Router and Data Passing Clean Swift Architecture

  • Tutorial
Hello reader!

In a previous article, I talked about the VIP cycle of the Clean Swift architecture . Now we will touch on one of the most important topics - the transition and transfer of data between scenes.


The Router component is responsible for the navigation and data transfer logic , which is part of the scene (optional of course). It is initialized in the ViewController , along with the Interactor and the Presenter .

Router implements two protocols - RoutingLogic and DataPassing , which we will fill with our functionality. RoutingLogic should contain the methods responsible for the transition to a specific scene. DataPassing contains the variable dataStore , which refers to the Protocol DataStore . Interactor scene implements protocolDataStore and works with the variables stored in it. Router itself contains a link to the ViewController of its scene.

Using the link to the ViewController , the Router jumps between the scenes. To do this, you can use Segue or create a scene to which you want to make a transition, programmatically. Which method is used is not important, the main thing for us is to have a link to an instance of the ViewController class that we are switching to.

Using the link to the DataStore we will transfer data from the Interactor of one scene to Interactorthe scene we are moving to. And, as mentioned earlier, it is Router that needs to know how to do this.


For an example, we will transfer the text from TextField to Label of other scene. Let's consider two ways of transition between scenes - according to Segue and programmatically.

The Router class contains 3 semantic groups of methods:

  1. Methods from RoutingLogic implementation (routeTo)
  2. Methods responsible for navigation (navigateTo, transition without Segue)
  3. Methods for data transfer (passDataTo, if there is data for transfer)

If we make a transition through Segue , for example, when a button is clicked, then in ViewController we must override the prepare (for: sender :) method. This extension will allow you to automatically call methods from Router by the name of Segue .

Overriding prepare (for: sender :) is optional when working with Segue. You can exclude it from the code and call performSegue (withIdentifier: sender :) in the Router method . Prepare is only needed if you need to use Segue along with data transfer.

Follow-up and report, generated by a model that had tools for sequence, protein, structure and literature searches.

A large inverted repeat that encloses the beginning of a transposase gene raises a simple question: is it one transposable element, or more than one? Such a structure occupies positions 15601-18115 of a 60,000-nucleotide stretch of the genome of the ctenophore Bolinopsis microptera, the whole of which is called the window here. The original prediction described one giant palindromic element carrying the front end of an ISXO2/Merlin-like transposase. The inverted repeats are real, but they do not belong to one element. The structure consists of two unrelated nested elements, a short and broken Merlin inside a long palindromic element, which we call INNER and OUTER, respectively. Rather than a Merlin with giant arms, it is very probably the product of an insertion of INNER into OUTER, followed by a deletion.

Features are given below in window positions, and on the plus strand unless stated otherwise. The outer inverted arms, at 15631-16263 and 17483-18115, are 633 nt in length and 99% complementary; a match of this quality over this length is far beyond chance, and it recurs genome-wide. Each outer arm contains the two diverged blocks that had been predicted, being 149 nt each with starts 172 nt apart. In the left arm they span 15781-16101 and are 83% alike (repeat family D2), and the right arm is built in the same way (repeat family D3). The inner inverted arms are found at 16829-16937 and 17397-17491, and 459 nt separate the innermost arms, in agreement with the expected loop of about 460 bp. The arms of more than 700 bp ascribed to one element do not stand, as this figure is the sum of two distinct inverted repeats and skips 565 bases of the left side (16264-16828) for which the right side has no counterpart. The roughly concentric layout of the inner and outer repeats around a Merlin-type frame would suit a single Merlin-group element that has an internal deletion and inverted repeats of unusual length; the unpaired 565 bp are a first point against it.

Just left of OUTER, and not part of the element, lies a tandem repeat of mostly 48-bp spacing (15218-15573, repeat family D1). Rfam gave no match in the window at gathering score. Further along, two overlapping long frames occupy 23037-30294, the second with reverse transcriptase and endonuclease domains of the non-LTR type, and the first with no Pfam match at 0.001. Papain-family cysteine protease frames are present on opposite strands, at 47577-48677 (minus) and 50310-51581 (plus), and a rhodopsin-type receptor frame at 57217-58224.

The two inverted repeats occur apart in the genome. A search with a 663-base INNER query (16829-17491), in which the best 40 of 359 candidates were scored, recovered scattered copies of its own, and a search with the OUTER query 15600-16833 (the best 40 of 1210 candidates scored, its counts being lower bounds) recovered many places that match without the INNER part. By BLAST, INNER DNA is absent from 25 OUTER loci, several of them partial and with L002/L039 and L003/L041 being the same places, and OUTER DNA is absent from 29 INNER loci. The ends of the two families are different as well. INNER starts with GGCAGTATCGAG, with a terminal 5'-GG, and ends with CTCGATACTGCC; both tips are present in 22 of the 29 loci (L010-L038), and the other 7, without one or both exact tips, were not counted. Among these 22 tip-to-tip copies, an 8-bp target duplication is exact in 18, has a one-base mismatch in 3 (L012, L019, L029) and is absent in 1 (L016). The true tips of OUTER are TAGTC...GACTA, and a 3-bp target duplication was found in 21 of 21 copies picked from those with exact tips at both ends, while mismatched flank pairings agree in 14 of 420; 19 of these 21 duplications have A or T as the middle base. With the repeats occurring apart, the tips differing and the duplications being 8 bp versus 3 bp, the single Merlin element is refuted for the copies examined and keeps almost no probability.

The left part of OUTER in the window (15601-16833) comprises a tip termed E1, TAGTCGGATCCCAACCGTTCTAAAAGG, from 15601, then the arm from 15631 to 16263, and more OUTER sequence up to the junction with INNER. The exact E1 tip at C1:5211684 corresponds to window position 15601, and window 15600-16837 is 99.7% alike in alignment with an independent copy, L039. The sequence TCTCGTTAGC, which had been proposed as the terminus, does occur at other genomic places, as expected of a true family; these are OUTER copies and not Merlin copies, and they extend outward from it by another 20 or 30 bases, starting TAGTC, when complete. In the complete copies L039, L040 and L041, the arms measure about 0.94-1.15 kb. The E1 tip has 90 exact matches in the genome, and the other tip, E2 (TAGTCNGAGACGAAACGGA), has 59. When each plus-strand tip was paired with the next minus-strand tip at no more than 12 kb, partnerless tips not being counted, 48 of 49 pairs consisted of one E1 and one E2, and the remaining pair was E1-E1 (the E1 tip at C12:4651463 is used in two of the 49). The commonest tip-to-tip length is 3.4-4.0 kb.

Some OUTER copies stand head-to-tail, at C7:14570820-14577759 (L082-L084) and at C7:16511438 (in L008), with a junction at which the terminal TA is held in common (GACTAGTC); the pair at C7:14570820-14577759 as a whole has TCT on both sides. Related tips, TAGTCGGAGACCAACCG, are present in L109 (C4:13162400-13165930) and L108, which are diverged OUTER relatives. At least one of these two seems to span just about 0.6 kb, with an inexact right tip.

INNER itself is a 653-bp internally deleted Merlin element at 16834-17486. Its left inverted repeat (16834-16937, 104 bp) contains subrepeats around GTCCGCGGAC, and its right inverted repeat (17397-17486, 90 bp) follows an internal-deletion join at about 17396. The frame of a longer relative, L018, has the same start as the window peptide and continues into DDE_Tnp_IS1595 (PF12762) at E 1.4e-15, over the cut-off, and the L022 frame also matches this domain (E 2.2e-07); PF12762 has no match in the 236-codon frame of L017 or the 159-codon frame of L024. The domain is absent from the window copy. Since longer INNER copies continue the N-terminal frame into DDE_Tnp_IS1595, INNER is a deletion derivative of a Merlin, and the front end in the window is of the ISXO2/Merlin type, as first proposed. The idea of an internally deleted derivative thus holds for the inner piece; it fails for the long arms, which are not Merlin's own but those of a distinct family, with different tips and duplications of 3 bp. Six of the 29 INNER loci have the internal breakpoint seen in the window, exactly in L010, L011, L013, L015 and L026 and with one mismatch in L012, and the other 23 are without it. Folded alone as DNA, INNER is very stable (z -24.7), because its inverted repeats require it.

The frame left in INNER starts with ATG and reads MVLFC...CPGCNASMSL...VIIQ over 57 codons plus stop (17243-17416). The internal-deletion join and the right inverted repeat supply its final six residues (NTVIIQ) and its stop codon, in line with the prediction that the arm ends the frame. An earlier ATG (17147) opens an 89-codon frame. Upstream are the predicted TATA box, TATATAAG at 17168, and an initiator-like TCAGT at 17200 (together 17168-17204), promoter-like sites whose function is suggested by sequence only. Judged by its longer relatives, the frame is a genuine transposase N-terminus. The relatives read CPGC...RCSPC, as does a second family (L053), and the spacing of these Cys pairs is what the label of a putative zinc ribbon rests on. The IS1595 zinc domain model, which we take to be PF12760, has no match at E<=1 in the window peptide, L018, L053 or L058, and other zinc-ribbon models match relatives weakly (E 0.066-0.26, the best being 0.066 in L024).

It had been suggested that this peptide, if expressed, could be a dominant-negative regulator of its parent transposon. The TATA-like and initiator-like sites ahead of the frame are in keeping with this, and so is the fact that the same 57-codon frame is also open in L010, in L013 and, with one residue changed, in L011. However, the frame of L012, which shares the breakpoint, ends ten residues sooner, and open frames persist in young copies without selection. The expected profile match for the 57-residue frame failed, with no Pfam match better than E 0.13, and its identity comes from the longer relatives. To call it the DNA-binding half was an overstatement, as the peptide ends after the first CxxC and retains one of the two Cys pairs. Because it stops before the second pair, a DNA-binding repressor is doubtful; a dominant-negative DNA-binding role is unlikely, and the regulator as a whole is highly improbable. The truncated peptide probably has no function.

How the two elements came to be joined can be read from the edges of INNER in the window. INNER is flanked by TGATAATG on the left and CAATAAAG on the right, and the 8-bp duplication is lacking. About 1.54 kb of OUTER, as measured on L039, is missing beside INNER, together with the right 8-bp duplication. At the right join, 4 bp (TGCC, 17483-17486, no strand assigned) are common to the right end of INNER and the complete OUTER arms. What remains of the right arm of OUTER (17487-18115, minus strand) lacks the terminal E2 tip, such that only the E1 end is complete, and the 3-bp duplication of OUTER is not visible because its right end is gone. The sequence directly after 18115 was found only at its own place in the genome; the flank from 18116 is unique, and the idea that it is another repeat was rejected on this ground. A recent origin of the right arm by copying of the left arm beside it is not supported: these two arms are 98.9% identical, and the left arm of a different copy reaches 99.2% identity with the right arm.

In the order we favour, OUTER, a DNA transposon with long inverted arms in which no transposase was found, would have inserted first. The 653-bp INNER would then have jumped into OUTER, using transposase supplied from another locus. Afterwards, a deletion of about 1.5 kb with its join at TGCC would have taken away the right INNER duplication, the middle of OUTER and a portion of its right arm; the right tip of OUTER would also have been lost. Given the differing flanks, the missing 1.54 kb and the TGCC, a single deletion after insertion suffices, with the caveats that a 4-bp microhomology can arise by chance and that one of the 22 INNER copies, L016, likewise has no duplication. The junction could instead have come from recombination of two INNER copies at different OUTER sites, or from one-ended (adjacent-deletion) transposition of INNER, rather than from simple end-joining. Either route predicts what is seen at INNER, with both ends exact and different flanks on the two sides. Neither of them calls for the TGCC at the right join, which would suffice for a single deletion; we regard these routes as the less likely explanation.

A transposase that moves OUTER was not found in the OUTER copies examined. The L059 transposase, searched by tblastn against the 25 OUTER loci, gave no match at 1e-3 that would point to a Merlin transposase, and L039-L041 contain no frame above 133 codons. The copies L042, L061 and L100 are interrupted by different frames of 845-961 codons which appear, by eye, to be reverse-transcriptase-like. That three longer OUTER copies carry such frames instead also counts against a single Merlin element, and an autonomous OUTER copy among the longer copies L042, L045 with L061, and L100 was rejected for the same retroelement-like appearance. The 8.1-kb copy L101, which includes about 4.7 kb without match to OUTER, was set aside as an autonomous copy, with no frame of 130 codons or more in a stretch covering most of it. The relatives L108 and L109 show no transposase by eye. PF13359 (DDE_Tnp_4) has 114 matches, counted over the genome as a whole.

Now we finally come to the most interesting thing - the Router code . The example contains comments, so we will only consider key points.

In this Router, we work with two scenes - Home and Detail . The transition from the Home scene is also handled in two ways - by Segue and programmatically . Data is transferred from the Home scene to the Detail scene .

All methods in the RoutingLogic protocol must be named according to the routeToNAME principle , where NAME is the name of Segue(Identifier), which we set when working with the Storyboard . This is necessary not only for convenience and beauty of use, but also for our method selector in prepare (for: sender :) ViewController , which we redefined earlier.

Also in the HomeRouter class there are methods starting with navigateTo and passDataTo . The former are responsible for the transition logic, while the latter are responsible for data transfer. The navigateTo methods are only created if the transition is done programmatically.

In the example, we have a routeToDetail (segue :) method . The segue parameter is optional since the method contains an implementation that allows you to call it without usingSegue . In both cases of transition, we get non-optional values ​​of our HomeViewController'a and HomeDataStore'a Home scene , as well as links to ViewController and DataStore Detail scene . Here it is worth paying attention to the fact that detailDS is a variable and is passed to the passDataToDetail method using the pass -through parameter (inout). This is important because without inout, we will have to mark all the DataStore protocols as “possible to implement only with classes” (protocol DetailDataStore: class), and this entails many difficulties, including capturing strong links.


That's all. Thank you for reading to the end! Below I will leave a link to the project if you want to try out the article in action.

Series of articles

  1. Clean Swift Architecture Overview
  2. Router and Data Passing in Clean Swift architecture (you are here)
  3. Workers of Clean Swift Architecture
  4. Testing your application on the Clean Swift architecture
  5. An example of a simple online store architecture Clean Swift

Link to the project
Help in writing an article: Bastien

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